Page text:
In its recently issued decision in Husky International Electronics, Inc. v. Ritz, a 7-1 majority of the Supreme Court has clarified that intentionally fraudulent transfers designed to hinder or defraud creditors can fall within the definition of “actual fraud” under Section 523(a)(2)(A) of the Bankruptcy Code and can sometimes result in corresponding liabilities being non-dischargeable in a personal bankruptcy proceeding.1

The facts of the case centered around a series of transfers made by Daniel Lee Ritz, Jr., a director of Chrysalis Manufacturing Corp. The transfers in question were made to various related business entities in which Ritz held substantial equity interests, and were allegedly designed to shield the transferred assets from collection by Husky International Electronics, a creditor and the appellant in the case. Husky sought to hold Ritz personally responsible for the amounts owed to it, but Ritz successfully argued in the lower courts that all such personal liabilities could be discharged in connection with his personal bankruptcy filing.

Although Section 523(a)(2)(A) prohibits debtors from discharging certain debts “obtained by . . . false pretenses, a false representation, or actual fraud,” the Fifth Circuit held that Ritz’s liability was nonetheless dischargeable and that there can be no “actual fraud” unless a debtor makes a false representation to a creditor.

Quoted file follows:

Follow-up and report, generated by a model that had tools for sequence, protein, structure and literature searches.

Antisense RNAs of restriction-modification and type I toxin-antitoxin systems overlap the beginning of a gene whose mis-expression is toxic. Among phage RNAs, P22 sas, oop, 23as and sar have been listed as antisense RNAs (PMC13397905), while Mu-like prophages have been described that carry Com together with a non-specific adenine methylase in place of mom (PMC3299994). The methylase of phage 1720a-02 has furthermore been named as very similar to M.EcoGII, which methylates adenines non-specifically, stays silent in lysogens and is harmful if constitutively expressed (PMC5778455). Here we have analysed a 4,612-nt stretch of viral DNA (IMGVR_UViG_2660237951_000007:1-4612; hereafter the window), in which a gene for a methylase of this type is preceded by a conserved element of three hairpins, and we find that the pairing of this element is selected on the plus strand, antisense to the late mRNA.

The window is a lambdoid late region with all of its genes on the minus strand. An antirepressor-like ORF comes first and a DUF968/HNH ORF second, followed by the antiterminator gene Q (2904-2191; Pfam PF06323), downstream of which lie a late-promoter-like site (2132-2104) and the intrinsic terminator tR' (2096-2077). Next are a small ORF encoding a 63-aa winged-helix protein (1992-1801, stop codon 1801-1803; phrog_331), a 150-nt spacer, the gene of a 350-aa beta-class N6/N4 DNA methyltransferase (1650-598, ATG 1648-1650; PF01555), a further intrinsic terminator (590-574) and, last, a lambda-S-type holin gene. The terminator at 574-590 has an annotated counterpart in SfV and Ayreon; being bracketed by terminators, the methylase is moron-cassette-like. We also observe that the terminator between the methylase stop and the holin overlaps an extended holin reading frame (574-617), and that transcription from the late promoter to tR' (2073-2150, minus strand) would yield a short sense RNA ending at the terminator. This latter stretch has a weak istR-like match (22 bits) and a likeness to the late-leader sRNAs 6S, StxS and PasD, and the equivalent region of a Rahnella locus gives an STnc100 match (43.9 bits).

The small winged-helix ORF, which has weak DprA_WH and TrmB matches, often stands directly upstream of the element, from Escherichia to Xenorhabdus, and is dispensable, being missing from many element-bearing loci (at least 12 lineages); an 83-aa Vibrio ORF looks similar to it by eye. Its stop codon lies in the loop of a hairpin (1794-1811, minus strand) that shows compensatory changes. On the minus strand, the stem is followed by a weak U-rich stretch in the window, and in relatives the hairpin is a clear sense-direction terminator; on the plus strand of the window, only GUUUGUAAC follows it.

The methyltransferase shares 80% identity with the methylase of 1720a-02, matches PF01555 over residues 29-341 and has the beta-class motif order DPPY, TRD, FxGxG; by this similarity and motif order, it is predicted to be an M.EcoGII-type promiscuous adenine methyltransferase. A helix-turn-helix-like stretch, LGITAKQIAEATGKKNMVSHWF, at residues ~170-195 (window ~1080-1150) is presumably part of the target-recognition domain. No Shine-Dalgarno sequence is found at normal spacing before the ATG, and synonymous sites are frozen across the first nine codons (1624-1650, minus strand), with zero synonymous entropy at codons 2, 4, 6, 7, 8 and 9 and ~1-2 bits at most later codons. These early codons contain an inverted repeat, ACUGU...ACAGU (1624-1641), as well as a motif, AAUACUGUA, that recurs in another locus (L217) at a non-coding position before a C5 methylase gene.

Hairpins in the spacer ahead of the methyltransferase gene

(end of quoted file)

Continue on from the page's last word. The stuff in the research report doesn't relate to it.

Writing for the Supreme Court majority, Justice Sonia Sotomayor rejected the Fifth Circuit’s holding in favor of a more expansive interpretation of the language of Section 523(a)(2)(A). Drawing on legal history and principles of statutory construction, the Court held that the term “actual fraud” in Section 523(a)(2)(A) was intended to encompass fraudulent conveyance schemes, even when those schemes do not involve a false representation to a creditor. In other words, the mere concealment of assets from creditors can constitute fraud, even in the absence of an untruthful statement being made to a creditor.

At the same time, the majority also recognized that the non-dischargeability provisions of Section 523(a)(2)(A) come into play only when the debt is on account of “money, property, services, or….credit” that are “obtained by” the fraud in question. The majority thus also appeared to signal that non-dischargeability would not necessarily apply to the liability of a fraudulent transferor unless the transferor was also in some meaningful sense the transferee. The majority hinted that Ritz’s overlapping ownership of the entities to whom the fraudulent transfers were made might qualify as a circumstance in which such non-dischargeability is triggered, but formally took no position on the matter, leaving this question to be addressed by the Fifth Circuit on remand. Thus, while the Supreme Court has made it clear that at least some liabilities for fraudulent conveyances may be nondischargeable, the precise parameters of this new holding will remain to be established in future cases.

Because of these unresolved questions, and because the provisions in question do not apply to debtors reorganizing or liquidating under Chapter 11, the Court’s holding is in many ways a very narrow one, clarifying the potential for fraudulent transfers to give rise to non-dischargeable debts in a limited set of circumstances.